Cribbed from Wilkopedia's section on the Citibank tower in New York,
built in 1977:
To help stabilize the building, a tuned mass damper was placed in the
mechanical space at its top. This substantial piece of stabilizing
equipment weighs 400 tons and has a volume of 255 cubic feet (7 m³).
Designed to counterbalance the effects of wind by making the building
sway, it is a concrete block that slides on a thick layer of oil and
converts the kinetic energy of the building into friction. This mass
reduces the building's movement from wind deflection by 50%. Citigroup
Center was the first skyscraper in the United States to feature a tuned
Full article on the building here:
Yes, pretty wide. The widest I can think of is the reflecting pool at
the Christian Science Center in Boston, which is 686 feet long. The
water spills over a granite curb that surrounds the entire pool. The
earth's curvature over 686 feet is only 1/32". Walking through the plaza
on a windy day it's obvious that on this scale the wind is a much
greater influence than the earth's curvature.
The only time I ever got involved in compensating for such an rch in
something I was building was about a dozen years ago when I was making,
testing and calibrating some of cesium atomic clock controlled
oscillators which provide autonomous timing signals onboard each of the
We had to adjust the frequency of those units in the lab "off" by a
little less than one part in ten to the eleventh (IIRC) to account for
the relativistic and gravitational time shifts which occur when they
were whizzing around at orbital speeds and altitudes.
Further corrections are provide elsewhere in the GPS sytem to accomodate
for the satellites's orbits being a bit elliptical, so the velocities
aren't constant throughout each spacecraft's orbit.
AFAIK thats the only example of a consumer product, the GPS navigation
systems in common use today, which relies on stuff having to be built
and adjusted to those levels of accuracy.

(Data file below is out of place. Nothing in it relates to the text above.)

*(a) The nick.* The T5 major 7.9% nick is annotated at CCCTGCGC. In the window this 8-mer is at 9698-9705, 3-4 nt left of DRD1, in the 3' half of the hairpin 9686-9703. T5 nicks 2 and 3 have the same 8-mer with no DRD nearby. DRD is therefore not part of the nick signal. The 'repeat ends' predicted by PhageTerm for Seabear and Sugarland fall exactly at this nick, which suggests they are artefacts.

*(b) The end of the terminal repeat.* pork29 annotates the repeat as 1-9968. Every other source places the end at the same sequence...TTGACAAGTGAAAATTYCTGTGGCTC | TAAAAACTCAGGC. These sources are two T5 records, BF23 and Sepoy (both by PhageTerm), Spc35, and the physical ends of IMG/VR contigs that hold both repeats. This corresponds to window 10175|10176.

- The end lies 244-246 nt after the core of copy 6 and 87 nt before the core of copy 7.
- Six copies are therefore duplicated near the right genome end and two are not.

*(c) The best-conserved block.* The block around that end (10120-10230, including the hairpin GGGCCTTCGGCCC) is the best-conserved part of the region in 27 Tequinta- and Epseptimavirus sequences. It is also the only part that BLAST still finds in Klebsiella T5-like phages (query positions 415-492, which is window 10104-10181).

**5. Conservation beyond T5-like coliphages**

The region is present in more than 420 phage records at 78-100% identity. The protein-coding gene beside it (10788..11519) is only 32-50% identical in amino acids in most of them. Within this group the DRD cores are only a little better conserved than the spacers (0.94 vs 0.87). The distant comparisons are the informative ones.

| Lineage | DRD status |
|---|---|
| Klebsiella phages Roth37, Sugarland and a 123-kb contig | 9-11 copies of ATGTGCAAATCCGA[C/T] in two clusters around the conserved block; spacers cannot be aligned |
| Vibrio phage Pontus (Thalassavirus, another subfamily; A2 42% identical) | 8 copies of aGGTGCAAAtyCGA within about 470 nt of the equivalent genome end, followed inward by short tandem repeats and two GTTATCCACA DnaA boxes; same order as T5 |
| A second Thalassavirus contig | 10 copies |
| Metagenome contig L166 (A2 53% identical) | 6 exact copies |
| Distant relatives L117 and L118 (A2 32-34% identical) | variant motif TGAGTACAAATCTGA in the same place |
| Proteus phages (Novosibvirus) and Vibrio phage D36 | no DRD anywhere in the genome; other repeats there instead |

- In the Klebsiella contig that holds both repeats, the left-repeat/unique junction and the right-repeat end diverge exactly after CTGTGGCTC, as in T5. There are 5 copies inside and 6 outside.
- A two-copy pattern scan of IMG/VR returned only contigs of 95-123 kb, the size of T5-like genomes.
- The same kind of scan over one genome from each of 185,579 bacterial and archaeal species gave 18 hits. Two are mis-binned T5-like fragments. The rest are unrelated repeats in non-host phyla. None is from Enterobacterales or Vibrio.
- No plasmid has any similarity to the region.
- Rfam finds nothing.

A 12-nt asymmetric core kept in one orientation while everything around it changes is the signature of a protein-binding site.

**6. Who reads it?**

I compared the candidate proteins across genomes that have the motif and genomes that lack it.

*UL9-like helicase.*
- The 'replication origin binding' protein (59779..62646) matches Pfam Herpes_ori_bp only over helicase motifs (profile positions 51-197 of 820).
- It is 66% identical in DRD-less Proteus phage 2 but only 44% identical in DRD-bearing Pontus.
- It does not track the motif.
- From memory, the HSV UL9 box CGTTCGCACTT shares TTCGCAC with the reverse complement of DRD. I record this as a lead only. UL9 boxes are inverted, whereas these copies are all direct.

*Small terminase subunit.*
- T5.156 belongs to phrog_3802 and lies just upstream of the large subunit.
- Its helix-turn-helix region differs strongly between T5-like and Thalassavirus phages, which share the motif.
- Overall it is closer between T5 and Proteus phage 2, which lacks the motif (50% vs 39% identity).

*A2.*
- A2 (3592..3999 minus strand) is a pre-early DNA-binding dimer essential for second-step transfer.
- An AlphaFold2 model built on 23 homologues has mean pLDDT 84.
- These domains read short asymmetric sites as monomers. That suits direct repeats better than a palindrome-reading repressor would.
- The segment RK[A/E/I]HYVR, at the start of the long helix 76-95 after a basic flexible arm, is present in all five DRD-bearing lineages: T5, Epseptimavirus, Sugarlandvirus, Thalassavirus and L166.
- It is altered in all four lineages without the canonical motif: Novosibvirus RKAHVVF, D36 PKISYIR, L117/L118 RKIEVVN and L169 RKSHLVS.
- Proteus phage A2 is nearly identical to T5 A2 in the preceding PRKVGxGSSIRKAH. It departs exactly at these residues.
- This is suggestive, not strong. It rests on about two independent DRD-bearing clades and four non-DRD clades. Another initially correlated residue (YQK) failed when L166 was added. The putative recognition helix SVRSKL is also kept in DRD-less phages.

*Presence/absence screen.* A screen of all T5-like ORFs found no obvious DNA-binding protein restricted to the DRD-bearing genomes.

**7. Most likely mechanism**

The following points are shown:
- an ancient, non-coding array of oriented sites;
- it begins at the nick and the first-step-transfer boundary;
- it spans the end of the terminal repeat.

Clearly, you don't get it.
But, sadly, I made another mistake.
It's far from 1/2", as pointed out by an amc'er. It's proly .05, just based
on ratios. <sigh>
But still, whenever I see a really tall skinny building now, I think of a
long truncated upside-down pyramid.
So g-d Elson AIN'T right!! :)
Mr. P.V.\'d (formerly Droll Troll), Yonkers, NY
Well, see this page for backup on my calculations :
Now, using their same equation ...
Ahh, this is too hysterical to do in miles, so I converted everything to
So, A^2 = (3963 * 5280) ^2 + 100 ^2 (for a 100 foot length)
Then, you have to subtract the radius of the earth, in feet (3963 *
convert feet to inches ...
I get .0029" of curvature over 100 feet. If I haven't made a mistake
here, then it does
come up smaller than what I was computing before. This isn't the only
compute this, and takes a couple of shortcuts.
Running the same computation for 1000' gives .287"
1500' gives .645"
Even at these incredibly small angles, the non-linearity of the function
clearly in the last 2 numbers.
The Earth's curvature is 8' per mile from what I remember... But taking the
diameter of the planet and using a CAD program, you could figure out the
difference based on height I suppose...
I always argue with a friend of mine that a 1 mile long "flat" runway would
actually rise well above ground level (4' on each end) unless it wasn't
truly flat - If it was built to the Earth's curve, it would actually be flat
to a level (which works on gravity) but not flat to a perfectionists rules.
...What's the point of this thread again? <G>
Joe Agro, Jr.
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